This piece is well known to all guitar players, especially the classically-minded folks. You will find it in most collections of music for the classical guitar, and many guitar students have had a go at it during their training years.

The piece is a three-part texture, with a bass line played by the thumb, an accompaniment in the middle, played free stroke with the index and middle fingers, and a melody on top, played rest stroke with the ring finger (called the “a” finger in classical speak).

If you are new to mixing rest stroke and free strokes, I have included some powerful training techniques to develop the easy and flowing right hand action required by this piece. Of course, this skill will help you play any kind of fingerstyle music with more comfort and better sound. Even though rest strokes (playing the note and letting the finger come to rest on the next string, creating a more powerful sound and fuller tone) was developed for classical guitar, I use it all the time while playing steel string, as do many steel string players nowadays.

The left hand presents some considerable challenges in this piece as well, as we are required to perform numerous shifts into bar chord shapes, while keeping the 3 musical parts intact and flowing. I give you detailed guidance on exactly how to have your fingers behave to accomplish this, showing you how to prepare right and left hand fingers before each shift, which is the secret of successful shifting of positions on guitar.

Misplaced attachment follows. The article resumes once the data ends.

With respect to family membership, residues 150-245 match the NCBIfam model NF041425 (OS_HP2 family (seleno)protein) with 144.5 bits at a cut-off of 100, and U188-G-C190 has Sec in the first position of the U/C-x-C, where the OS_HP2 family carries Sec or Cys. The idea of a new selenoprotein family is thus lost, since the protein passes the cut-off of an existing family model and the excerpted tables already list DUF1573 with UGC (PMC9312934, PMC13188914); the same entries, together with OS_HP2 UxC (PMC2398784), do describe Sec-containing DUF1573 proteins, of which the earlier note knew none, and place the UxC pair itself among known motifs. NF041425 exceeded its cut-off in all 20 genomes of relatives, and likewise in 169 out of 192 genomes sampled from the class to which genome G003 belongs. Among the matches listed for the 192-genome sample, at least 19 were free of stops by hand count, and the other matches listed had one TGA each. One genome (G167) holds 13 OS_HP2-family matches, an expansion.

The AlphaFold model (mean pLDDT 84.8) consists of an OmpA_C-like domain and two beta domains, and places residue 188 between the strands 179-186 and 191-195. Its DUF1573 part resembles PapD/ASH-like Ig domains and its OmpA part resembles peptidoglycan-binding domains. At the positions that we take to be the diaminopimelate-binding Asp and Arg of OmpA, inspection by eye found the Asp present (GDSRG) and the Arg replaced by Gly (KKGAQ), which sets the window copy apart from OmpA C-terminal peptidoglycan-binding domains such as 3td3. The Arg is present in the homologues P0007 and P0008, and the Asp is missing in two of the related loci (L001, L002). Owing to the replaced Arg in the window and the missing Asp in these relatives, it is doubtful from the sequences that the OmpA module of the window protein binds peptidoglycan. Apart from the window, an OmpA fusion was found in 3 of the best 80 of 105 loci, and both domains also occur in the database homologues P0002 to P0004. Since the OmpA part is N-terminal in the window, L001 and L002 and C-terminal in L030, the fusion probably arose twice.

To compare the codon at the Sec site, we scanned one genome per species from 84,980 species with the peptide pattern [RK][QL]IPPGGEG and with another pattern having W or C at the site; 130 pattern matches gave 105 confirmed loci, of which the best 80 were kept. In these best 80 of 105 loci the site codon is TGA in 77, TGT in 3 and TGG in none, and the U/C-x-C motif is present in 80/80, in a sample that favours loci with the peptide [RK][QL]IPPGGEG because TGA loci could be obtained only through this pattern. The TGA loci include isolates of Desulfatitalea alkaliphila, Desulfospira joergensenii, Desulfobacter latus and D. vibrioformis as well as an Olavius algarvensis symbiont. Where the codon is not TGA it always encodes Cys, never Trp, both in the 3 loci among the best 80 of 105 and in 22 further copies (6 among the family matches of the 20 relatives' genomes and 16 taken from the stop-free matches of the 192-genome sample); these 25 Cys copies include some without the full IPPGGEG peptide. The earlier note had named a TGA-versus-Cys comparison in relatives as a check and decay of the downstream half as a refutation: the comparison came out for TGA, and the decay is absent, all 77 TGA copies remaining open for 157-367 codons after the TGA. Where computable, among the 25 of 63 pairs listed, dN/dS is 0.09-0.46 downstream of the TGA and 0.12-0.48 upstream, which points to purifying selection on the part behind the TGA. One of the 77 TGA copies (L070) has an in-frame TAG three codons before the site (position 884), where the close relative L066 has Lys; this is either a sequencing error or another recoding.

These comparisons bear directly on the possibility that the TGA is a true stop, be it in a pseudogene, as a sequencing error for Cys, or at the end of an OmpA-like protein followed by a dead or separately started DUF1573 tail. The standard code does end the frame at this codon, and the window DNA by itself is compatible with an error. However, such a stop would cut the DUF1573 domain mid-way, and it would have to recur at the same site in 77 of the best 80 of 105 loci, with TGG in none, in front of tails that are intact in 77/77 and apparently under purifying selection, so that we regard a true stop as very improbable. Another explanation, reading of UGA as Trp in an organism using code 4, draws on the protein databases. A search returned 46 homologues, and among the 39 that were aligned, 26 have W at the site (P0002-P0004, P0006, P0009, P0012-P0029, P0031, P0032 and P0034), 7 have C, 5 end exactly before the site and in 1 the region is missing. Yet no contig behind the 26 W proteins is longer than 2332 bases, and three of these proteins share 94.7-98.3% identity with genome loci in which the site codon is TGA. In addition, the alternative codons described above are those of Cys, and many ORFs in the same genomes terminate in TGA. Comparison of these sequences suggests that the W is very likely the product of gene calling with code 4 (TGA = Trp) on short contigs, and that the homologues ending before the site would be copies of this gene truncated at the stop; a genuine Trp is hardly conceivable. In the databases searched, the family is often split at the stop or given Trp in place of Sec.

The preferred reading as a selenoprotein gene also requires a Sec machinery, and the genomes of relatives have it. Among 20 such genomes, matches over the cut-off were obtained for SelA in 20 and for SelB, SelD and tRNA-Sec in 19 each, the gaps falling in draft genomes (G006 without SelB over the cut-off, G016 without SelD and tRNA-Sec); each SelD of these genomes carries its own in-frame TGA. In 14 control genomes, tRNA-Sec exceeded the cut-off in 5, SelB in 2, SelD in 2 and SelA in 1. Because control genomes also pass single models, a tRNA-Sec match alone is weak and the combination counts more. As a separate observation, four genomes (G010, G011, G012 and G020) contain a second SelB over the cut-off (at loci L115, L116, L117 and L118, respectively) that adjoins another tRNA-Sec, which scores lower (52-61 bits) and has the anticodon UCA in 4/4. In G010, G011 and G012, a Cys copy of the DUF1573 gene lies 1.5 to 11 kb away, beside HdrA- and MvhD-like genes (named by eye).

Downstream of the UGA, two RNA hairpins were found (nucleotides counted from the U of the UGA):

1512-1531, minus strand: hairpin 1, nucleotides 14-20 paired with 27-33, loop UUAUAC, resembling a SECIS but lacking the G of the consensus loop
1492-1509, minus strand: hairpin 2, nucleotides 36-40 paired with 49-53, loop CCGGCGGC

At the end of the lesson, I give you instructions on how to go about systematically learning this piece, how to bring it section by section to a slow speed with accuracy, and over time, moving the whole piece up in tempo.

How well you do in learning and playing this piece will of course depend on your present level of playing ability. In any case, you will find learning and playing “Spanish Romance” to be a rewarding educational and musical experience.

One last note, I have played this piece for decades, and would always list the composer as “Anonymous” on concert programs. However, research in the last few years has uncovered the fact that it was actually composed by the great Spanish composer and guitarist Fernando Sor. Now we have even more reason to revere this great guitarist who did so much to develop our instrument in its infant years at the beginning of the 19th century.





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